You seem to have missed the part about the three years intensive training focused on the operational requirement. Your approach is similar to those others who were criticising direct entry Superintendents as being incapable of making Firearms Silver decisions, as though they were going pick up their uniforms on their first Monday and by Tuesday morning be in charge of an armed siege situation. I have known Inspectors who have come through the usual route with little operational experience due to specialising early in their career. Equally there are the old school Sgts and Inspectors around who condemn the whole safeguarding aspect as social workers' responsibility and only focus on the time honoured 'lock up the bad guys' aspect of policing. These new Inspectors will learn everything from the protecting the vulnerable and safeguarding position from the ground up. I cannot see why a reasonably intelligent person cannot make sound decisions after 3 years of training for that. Sent from my iPhone using Tapatalk
  14. Direct entry as Inspector.

    People will die, they always do. I'm sure it wasn't being suggested that there was a connection between direct entry inspectors and the mortality rate. Sent from my iPhone using Tapatalk
  15. Where have they gone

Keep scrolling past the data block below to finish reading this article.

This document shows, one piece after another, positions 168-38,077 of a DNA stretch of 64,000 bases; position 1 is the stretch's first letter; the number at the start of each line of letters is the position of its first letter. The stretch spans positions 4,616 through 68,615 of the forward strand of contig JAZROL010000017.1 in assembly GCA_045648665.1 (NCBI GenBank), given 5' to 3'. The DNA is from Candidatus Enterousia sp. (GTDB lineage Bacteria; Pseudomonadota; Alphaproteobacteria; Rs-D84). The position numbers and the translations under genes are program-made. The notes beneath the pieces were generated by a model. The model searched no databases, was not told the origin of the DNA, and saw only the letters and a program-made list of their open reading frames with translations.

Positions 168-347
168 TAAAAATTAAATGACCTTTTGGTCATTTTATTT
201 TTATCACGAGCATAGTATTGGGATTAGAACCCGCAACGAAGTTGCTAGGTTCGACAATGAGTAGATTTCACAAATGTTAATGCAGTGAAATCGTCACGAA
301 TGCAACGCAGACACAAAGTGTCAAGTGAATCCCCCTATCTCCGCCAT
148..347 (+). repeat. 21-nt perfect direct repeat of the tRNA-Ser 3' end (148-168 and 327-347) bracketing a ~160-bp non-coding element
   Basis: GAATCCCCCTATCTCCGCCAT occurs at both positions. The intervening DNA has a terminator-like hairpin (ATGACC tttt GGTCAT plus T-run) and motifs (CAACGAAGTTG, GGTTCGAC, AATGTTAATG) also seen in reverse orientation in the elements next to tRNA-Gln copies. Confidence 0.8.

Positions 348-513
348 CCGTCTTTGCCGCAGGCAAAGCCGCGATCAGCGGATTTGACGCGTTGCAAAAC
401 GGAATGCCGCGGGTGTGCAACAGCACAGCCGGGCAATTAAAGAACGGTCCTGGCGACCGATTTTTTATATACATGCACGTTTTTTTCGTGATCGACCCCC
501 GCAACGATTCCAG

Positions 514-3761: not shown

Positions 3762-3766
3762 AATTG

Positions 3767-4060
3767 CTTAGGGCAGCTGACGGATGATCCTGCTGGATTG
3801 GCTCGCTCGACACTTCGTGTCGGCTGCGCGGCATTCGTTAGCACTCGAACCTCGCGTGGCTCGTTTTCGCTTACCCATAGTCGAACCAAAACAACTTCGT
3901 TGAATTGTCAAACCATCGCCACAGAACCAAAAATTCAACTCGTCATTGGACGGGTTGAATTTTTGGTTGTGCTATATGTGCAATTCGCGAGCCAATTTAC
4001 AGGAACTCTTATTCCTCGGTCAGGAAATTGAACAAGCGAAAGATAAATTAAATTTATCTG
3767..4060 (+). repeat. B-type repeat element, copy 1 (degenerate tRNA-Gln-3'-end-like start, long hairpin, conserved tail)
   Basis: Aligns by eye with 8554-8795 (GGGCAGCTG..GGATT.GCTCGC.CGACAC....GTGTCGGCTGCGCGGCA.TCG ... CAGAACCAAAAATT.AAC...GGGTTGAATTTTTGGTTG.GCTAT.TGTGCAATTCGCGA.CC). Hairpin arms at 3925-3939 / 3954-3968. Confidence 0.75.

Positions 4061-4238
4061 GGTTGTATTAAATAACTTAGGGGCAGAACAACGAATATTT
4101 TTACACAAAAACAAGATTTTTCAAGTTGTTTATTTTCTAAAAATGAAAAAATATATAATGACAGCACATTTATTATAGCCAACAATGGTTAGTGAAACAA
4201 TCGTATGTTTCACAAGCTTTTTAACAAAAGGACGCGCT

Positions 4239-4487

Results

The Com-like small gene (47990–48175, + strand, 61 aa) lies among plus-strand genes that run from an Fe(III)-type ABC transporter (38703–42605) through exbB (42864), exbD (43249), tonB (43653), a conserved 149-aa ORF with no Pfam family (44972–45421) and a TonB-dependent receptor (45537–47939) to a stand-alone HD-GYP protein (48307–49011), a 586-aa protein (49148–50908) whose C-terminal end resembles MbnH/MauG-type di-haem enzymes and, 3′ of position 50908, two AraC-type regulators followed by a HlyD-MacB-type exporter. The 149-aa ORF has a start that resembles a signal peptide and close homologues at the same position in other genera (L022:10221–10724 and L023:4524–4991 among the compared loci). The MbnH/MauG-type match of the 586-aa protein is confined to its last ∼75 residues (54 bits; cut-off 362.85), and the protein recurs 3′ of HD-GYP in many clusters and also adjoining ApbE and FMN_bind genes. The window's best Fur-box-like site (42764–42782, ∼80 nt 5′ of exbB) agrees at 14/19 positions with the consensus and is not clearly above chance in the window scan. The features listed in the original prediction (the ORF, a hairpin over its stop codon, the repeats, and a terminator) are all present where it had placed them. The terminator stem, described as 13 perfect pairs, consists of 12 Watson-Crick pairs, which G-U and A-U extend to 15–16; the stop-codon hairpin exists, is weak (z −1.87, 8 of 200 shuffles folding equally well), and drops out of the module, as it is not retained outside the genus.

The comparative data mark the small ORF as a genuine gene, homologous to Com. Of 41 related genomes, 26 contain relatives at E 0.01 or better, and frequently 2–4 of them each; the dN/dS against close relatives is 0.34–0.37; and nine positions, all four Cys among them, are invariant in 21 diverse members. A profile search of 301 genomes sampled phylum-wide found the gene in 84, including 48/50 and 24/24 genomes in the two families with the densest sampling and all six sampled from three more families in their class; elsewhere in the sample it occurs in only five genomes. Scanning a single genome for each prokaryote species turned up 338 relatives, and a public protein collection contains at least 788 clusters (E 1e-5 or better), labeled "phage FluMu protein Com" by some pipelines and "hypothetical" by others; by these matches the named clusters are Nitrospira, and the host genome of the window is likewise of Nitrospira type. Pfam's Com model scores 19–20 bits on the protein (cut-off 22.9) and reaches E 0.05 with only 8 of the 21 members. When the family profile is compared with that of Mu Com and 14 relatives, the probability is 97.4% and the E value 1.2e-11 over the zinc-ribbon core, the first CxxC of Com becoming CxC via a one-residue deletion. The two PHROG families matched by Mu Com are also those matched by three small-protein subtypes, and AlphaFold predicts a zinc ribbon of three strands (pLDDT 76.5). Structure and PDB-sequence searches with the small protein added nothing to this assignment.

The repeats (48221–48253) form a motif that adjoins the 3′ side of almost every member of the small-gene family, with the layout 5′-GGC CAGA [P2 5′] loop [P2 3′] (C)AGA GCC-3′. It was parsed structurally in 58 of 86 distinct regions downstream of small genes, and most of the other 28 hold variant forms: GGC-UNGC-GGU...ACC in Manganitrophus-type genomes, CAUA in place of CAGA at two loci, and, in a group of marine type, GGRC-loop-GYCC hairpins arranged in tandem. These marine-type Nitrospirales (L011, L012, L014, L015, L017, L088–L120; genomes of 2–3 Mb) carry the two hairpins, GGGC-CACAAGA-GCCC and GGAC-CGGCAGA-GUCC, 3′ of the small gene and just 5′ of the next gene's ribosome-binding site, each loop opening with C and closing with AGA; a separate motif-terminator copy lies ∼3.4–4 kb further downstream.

I've been a member of the three sites for several years and dip in and out but I don't post a lot, only on subjects I have an interest in. This forum has been dying a slow death for a couple of years. I, and others have said so before. I have tried starting some different discussions but the regular posters (only a handful of those) seemed to have no interest in those. Most new members will ask a question that goes unanswered - usually about recruitment - or they get told how rubbish the job is now. The moderation is/was so tight that certain subjects were locked, that are allowed on other sites. Police online is a buzzing community with many posters who are interested. A lot know a lot about a lot. Some are inexperienced but ask for advice. Not everyone knows everything about everything. I can see the three sites being merged into one, don't know if that is allowed or technically possible but it would make sense to me. I have all three on my Tapatalk feed so it's like one site for all intents and purposes. Just a bit confusing sometimes when the same subject is being discussed on different sites and get them mixed up. Sent from my iPhone using Tapatalk